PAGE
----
- Division of Fisheries and Wildlife
Media Contact for Tully Trail agreement celebrated
Marion Larson, MassWildlife
Orange — Representatives from the Department of Fish and Game (DFG), MassWildlife, legislators, North Quabbin Trails Association, and other Tully Trail conservation partners gathered on August 26 at the Tully Mountain Wildlife Management Area (WMA) to mark the signing of a Trail License Agreement between MassWildlife and the North Quabbin Trails Association (NQTA).
Under the terms of the approved agreement, NQTA may conduct trail maintenance activities on six miles of trail segments of the 22-mile Tully Trail. These segments pass through MassWildlife’s Tully Mountain WMA and Tully Mountain Wildlife Conservation Easement in Orange and Fish Brook WMA in Royalston.
“MassWildlife is statutorily responsible for the protection and management of all fish and wildlife in the Commonwealth, and for providing hunting, fishing, trapping and other nature-based recreation opportunities to the public,” said DFG Commissioner Ron Amidon. “While trail development and maintenance are not a core responsibility, we recognize that passage across agency lands is important to maintain the connectivity of existing major trail networks. We are pleased to have approved the agency’s first Trail License Agreement with the North Quabbin Trails Association, which will provide for trail maintenance, wildlife habitat protection, and enhanced outdoor recreation opportunities.”
The 22-mile Tully Trail is a popular hiking trail in the North Quabbin region, passing through public and private property in Orange, Royalston, and Warwick. Much of the trail passes through public land protected or managed by MassWildlife, the state Department of Conservation and Recreation, the U.S. Army Corps of Engineers, the Mount Grace Land Conservation Trust and The Trustees.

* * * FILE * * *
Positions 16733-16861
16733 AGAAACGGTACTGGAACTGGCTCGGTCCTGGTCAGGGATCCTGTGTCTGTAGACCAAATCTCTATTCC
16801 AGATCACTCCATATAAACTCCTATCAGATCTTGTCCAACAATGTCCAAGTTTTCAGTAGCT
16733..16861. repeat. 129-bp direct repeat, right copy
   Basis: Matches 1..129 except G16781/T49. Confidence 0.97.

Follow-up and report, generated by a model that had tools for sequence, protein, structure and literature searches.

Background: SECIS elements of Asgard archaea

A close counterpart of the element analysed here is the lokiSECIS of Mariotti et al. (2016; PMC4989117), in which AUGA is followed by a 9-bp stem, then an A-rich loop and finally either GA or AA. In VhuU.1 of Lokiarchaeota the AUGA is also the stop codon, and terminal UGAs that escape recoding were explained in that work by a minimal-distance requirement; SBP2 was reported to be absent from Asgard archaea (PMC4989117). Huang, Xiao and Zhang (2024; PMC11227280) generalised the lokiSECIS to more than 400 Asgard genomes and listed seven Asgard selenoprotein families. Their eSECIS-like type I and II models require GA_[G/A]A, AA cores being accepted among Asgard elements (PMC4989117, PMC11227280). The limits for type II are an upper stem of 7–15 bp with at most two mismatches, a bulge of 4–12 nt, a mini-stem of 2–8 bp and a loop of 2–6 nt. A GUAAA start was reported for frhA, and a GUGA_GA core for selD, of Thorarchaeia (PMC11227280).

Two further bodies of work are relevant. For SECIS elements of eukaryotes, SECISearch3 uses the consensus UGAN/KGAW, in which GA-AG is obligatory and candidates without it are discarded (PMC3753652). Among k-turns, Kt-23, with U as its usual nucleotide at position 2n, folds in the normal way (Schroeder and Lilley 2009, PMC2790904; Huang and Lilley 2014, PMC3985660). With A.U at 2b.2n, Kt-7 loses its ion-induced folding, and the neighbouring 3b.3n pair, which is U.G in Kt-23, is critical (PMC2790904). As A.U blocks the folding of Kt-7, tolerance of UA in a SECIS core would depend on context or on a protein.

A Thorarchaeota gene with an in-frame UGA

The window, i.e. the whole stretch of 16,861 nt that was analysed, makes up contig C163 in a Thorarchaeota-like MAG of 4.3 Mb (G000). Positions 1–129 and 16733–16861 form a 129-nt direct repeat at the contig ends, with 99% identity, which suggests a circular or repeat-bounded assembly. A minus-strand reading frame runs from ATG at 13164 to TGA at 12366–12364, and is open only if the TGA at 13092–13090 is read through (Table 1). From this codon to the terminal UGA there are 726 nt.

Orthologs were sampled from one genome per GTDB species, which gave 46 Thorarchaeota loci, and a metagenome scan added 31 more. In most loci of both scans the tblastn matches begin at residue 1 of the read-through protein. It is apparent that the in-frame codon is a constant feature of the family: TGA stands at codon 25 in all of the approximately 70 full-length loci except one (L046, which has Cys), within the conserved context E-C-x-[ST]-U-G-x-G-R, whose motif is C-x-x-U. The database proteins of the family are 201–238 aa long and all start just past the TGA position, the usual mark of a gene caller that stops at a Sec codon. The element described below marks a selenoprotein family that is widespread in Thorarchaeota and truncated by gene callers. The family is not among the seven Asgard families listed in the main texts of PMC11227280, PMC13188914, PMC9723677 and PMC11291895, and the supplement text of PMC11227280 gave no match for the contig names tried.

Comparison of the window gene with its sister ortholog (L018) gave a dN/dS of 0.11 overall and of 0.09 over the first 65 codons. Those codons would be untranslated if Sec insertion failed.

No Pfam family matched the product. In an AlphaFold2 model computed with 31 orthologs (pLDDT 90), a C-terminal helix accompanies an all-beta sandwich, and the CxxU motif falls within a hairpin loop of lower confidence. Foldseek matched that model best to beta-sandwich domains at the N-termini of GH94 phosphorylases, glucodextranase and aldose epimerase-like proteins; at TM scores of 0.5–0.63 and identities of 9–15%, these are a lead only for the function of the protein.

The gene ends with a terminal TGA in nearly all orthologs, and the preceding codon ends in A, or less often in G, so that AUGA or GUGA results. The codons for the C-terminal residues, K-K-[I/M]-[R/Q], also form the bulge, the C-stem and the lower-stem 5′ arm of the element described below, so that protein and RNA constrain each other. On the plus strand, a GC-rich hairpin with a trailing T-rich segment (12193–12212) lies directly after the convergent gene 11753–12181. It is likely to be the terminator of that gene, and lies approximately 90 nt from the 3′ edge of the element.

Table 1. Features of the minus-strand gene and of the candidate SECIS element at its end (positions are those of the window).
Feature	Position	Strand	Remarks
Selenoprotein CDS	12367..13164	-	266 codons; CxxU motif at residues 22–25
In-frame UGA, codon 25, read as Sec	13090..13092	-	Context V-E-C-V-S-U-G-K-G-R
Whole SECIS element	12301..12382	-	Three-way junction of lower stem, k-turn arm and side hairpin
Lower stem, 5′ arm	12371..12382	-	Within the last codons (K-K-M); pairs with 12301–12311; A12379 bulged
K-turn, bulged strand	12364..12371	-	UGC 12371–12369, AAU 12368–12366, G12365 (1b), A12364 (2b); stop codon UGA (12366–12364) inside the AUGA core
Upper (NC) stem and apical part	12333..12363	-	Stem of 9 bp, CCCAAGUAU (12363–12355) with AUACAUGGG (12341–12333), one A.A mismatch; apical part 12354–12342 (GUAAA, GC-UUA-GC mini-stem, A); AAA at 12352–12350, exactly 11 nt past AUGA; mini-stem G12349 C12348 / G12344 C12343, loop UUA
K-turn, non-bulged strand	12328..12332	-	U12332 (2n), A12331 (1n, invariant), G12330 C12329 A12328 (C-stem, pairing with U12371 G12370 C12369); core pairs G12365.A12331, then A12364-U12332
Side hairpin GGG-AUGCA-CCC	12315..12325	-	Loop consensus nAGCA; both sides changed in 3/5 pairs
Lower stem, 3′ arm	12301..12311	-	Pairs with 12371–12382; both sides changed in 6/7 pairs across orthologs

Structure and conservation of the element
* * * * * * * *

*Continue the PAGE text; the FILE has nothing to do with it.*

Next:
In 2016, MassWildlife and the Fisheries and Wildlife Board established a formal Walking Trails Policy designed to protect habitat for wildlife, largely in response to increasing unauthorized trail development and use on MassWildlife’s WMAs. MassWildlife does not develop or maintain walking trails on Wildlife Management Areas but through a Trails License Agreement, will allow maintenance and passage across agency lands to maintain connectivity of six identified existing regional walking trails in the state.
The recently signed Trail License Agreement with NQTA is the first Agreement to be signed with MassWildlife. It spells out the allowed trail maintenance activities and procedures to be carried out by NQTA in accordance with MassWildlife’s Trails Policy, regulations, and wildlife conservation mandate. Specifically, NQTA is authorized to:
- blaze and sign trails year-round without notice to MassWildlife;
- conduct seasonal trail maintenance activities pursuant to the Trail Maintenance plan after notifying MassWildlife; and
- clear existing approved trails on an as needed basis after gaining pre-approval from MassWildlife on timing, location, and utilization of trail clearing tools and methods.
Currently, due to sensitive habitats on some portions of MassWildlife holdings, NQTA is engaged in a permitting process with state and local agencies allowing for re-routing a section of trail off a town road in Orange and providing a suitable stream crossing in Royalston.
MassWildlife has a long and proud history of supporting and promoting wildlife-related recreation through its traditional constituency of hunters, anglers, and trappers, as well as naturalists, birders, photographers, and other outdoor enthusiasts. Wildlife Management Areas are open to wildlife-related recreation and other outdoor activities such as walking, snowshoeing, and cross-country skiing. MassWildlife is committed to providing opportunities for wildlife to thrive and to offering access for the conservation and outdoor recreation community now and into the future.